It was three years ago when he last saw his brother being led away at the back of one of Al Shabaab's battle trucks. Abdi always assumed that he was dead. 

Al Shabaab welcomes him because of his link to Dahir, who's one of the high ranking leaders in the group. But it's clear that his brother has changed. Dahir seems to have been brainwashed and now he only sees things one way...the Al Shabaab way. 

Let's Go Swimming On Doomsday by Natalie C. Anderson is an imme…

The Hug by Eoin McLaughlin & Polly Dunbar

Who doesn't need a hug from time to time? 

That's all tortoise and hedgehog really want. Easier said than done, they find out. Because everyone they ask for a hug, has an excuse. 

This wonderfully imagined double-sided book, tells a story grounded in wit and compassion. The character illustrations effortlessly connect with kids to evoke a natural emotion, while the clean background composed of white space gives this picture book that uncluttered feel that works brilliantly for picture books. Polly Dunbar uses great vibrant colours, that bring all the characters to life.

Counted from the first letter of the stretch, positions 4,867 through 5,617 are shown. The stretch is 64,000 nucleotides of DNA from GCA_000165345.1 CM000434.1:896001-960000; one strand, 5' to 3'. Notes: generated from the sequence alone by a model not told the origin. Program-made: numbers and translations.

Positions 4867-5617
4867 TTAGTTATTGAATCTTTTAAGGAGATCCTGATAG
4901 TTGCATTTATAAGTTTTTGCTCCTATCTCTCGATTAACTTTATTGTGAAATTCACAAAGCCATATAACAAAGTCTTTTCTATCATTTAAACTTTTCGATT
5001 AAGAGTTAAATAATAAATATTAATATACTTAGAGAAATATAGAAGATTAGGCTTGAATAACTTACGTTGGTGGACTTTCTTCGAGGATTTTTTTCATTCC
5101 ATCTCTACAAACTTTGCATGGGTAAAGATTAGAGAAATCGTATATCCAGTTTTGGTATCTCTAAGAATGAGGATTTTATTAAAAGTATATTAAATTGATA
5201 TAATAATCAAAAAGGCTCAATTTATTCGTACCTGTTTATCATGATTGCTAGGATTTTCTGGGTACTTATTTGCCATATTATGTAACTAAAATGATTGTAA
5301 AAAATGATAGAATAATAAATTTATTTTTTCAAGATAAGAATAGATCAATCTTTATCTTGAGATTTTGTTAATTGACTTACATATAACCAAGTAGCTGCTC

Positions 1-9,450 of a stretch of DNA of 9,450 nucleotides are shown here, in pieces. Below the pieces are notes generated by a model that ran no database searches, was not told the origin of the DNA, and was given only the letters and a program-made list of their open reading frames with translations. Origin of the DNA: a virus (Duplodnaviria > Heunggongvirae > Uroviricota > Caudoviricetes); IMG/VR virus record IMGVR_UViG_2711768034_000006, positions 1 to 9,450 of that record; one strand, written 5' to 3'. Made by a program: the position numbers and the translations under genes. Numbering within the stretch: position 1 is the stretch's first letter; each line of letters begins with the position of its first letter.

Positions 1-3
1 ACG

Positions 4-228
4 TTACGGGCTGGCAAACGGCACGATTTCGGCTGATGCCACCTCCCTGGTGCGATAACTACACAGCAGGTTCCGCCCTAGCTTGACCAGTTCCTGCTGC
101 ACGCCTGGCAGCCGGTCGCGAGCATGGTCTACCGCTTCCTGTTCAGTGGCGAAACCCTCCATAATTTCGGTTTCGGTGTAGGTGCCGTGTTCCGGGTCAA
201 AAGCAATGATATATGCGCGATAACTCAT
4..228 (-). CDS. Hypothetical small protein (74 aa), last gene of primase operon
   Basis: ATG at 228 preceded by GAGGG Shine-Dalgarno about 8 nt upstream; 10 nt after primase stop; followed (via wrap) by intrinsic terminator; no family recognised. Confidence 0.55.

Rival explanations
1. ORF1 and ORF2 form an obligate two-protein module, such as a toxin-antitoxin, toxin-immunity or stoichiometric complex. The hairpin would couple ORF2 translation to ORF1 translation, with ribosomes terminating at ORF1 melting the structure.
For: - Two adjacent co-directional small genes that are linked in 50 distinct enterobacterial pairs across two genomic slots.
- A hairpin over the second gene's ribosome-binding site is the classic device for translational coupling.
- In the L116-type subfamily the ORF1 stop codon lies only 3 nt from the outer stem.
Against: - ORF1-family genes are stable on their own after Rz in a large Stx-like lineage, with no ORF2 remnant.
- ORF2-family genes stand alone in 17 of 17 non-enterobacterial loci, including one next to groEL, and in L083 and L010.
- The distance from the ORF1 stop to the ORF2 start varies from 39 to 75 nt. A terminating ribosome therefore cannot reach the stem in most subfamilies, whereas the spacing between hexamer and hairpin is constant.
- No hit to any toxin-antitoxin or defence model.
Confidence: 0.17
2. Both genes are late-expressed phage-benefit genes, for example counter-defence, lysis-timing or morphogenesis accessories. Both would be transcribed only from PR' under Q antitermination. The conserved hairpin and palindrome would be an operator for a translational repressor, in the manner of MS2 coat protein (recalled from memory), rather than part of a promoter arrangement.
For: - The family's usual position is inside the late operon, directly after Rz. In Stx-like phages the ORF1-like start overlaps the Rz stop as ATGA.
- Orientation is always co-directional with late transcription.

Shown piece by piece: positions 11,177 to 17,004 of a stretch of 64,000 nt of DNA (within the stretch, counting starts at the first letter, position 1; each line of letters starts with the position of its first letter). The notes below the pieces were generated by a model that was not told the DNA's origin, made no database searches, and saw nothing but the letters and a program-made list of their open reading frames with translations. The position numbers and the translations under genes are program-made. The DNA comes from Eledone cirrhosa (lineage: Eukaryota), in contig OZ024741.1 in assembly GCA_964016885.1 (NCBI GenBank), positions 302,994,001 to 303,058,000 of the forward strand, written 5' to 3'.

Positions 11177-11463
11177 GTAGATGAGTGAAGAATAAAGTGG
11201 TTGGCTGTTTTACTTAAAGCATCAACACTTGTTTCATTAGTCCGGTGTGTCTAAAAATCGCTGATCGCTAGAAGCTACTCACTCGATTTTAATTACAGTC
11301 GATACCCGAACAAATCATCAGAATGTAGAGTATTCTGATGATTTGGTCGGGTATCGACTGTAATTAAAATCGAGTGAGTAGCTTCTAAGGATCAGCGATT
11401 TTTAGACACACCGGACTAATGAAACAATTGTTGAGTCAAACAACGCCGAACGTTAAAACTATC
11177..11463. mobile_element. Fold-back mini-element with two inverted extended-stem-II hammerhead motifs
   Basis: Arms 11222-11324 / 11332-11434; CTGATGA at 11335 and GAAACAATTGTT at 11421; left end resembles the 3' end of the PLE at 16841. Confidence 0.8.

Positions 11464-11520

So, do Tortoise and Hedgehog finally get what they wish for? You guessed it. Dreams do come true!

Absolutely adorable. 

-------------------- Blog Post by Shilpa Raikar, who believes in the power of storytelling to connect readers, and strives for diversity and inclusivity. THE HUG by Eoin McLaughlin & Polly Dunbar is published by Faber & Faber. Copy provided by Publishers Group Canada.

Review by @SukasaReads …

How to think like an inventor

Temple Grandin has one message to all the want-to-be inventors out there: Make Things. 

If there's anything that this world-renowned scientist, inventor, and expert of visual thinking believes in, it's this: If you can dream it, you can make it. 

Filled with interesting facts about inventors and inventions, Temple Grandin's CALLING ALL MINDS is a blueprint for different ways to look at the world.

And women have made so many contributions to making this world a better place. Temple Grandin highlights some of these in her book. For example, did you know that women hold at least thirteen patents for improvements on the typewriter, including a typewriter for the blind, an uppercase attachment, and a reverse-movement attachment so you can go back spaces?